Diagnosed with Parkinson's. Taking Sinemet. How to bring sleep pattern to normal?
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I was diagnosed with Parkinson's 3 years ago and since then have been taking Sinemet. The drug works in reducing tremors, etc, but takes its toll on me in terms of sleep disturbance. What can be done to return my sleep pattern to something more normal?
Posted Wed, 11 Dec 2013 in Brain and Spine
Answered by Dr. Sudhir Kumar 6 minutes later
Brief Answer: My reply is below. Detailed Answer: Hi, Thank you for posting your query. Sleep disturbance in your case could be related to the medication (sinemet), which contains levodopa. Levodopa is known to reduce sleep. In addition, sleep disturbance could also be due to the Parkinson's disease. In the first case, taking the last dose of sinemet before 6 pm is helpful. If it is the second case, you can take a medication such as zolpidem tablet to help in getting sleep. Since, it has a short duration of action, it just helps in sleep initiation and later on, your natural sleep takes over. I hope it helps. Please get back if you require any additional information. Wishing you good health, Dr Sudhir Kumar MD (Internal Medicine), DM (Neurology) XXXXXXX Consultant Neurologist Apollo Hospitals, Hyderabad, India Click on this link to ask me a DIRECT QUERY: http://bit.ly/Dr-Sudhir-kumar My BLOG: http://bestneurodoctor.blogspot.in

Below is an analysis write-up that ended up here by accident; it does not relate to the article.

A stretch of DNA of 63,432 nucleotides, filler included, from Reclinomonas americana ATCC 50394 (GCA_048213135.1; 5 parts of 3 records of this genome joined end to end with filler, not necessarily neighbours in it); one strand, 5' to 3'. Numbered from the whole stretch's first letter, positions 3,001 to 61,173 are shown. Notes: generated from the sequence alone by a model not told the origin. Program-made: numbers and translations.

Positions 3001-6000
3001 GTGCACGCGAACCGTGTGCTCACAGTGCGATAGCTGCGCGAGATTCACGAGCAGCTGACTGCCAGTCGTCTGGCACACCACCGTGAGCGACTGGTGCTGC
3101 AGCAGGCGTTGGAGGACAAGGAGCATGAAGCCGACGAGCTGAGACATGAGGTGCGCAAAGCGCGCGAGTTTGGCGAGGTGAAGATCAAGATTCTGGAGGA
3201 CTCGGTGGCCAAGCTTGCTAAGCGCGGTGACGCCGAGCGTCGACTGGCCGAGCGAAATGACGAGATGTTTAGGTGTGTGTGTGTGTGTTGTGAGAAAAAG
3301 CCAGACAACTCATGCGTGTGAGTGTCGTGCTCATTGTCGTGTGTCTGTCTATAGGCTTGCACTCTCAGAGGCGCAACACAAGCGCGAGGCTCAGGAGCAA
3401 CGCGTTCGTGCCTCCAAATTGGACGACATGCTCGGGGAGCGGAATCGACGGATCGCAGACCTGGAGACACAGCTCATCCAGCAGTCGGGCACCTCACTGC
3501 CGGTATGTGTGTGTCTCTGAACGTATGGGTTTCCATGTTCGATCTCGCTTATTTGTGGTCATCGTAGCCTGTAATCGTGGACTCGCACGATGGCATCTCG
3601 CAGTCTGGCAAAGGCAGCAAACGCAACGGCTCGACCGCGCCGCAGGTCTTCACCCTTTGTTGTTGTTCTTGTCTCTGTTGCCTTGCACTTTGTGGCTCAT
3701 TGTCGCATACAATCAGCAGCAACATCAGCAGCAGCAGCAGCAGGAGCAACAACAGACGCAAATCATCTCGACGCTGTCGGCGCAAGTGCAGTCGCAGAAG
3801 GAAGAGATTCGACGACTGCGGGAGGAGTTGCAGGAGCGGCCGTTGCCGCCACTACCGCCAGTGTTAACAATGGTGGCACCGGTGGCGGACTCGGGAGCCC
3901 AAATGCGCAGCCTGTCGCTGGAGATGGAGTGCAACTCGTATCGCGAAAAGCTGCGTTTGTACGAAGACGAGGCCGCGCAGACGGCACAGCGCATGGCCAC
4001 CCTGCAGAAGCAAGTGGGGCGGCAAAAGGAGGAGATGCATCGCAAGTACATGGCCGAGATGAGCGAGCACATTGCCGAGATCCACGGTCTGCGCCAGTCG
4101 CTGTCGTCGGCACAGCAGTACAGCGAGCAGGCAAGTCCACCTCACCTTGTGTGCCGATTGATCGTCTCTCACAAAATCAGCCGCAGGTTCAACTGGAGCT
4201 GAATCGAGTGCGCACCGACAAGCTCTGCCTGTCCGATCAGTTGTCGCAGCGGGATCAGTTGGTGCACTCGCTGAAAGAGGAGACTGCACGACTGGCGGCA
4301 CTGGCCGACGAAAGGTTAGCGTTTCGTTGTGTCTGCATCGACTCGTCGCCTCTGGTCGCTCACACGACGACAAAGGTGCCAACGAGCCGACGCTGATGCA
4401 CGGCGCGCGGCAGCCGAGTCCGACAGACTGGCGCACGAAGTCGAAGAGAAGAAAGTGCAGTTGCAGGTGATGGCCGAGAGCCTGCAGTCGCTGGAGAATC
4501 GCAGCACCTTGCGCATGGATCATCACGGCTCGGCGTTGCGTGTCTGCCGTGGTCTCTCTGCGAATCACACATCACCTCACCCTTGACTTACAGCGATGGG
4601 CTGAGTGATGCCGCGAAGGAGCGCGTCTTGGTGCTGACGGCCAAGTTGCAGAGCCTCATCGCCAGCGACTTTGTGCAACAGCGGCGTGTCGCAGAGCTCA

Follow-up: Diagnosed with Parkinson's. Taking Sinemet. How to bring sleep pattern to normal? 8 hours later
Dr. XXXXXXX I will reschedule my sinemet dosage to earlier in the day. Thank you. Many thanks also for your reply and suggestion of zolpidem. If I may, I have a few more questions about this drug... First of all I have scanned the internet carefully, including Wikipedia, to familiarize myself with zolpidem. I will make an appointment to see my family doctor as soon as he opens and ask him to consider me for a prescription and recommend a dosage schedule for me. In your opinion, 1) Can zolpidem be used for, say, 4 days of the week, concurrent with another sleep aid such as Lorazepam or Trazodone (perhaps for the remaining 3 days of the week) and then gradually reduce the quantity of both? My goal with this approach is to provide the patient (me!) 7 good functional mornings per week, rather than only 4. 2) What about Trazodone all by itself? Would you care to comment on this drug as an aid to sleeping? This drug is taken 50 mgs per night and, over time, is supposed to accumulate in my system making it easier for me to fall asleep. It takes a month before its effects become noticeable. XXXXX
Answered by Dr. Sudhir Kumar 25 minutes later
Brief Answer: Zolpidem is better than lorazepam and trazodone Detailed Answer: Hi, Thank you for getting back. I would prefer to use zolpidem all 7 days of the week, should there be a need of a sleeping aid. This is because it does not cause addiction (such as what we see with lorazepam and other benzodiazepines). Trazodone would be my second choice after zolpidem. This is because hangover may occur with this (sleepiness during the day). Lorazepam would be the least preferred. However, is someone has agitation or associated psychotic symptoms, then, it would be the drug of choice. Best wishes, Dr Sudhir Kumar MD DM (Neurology)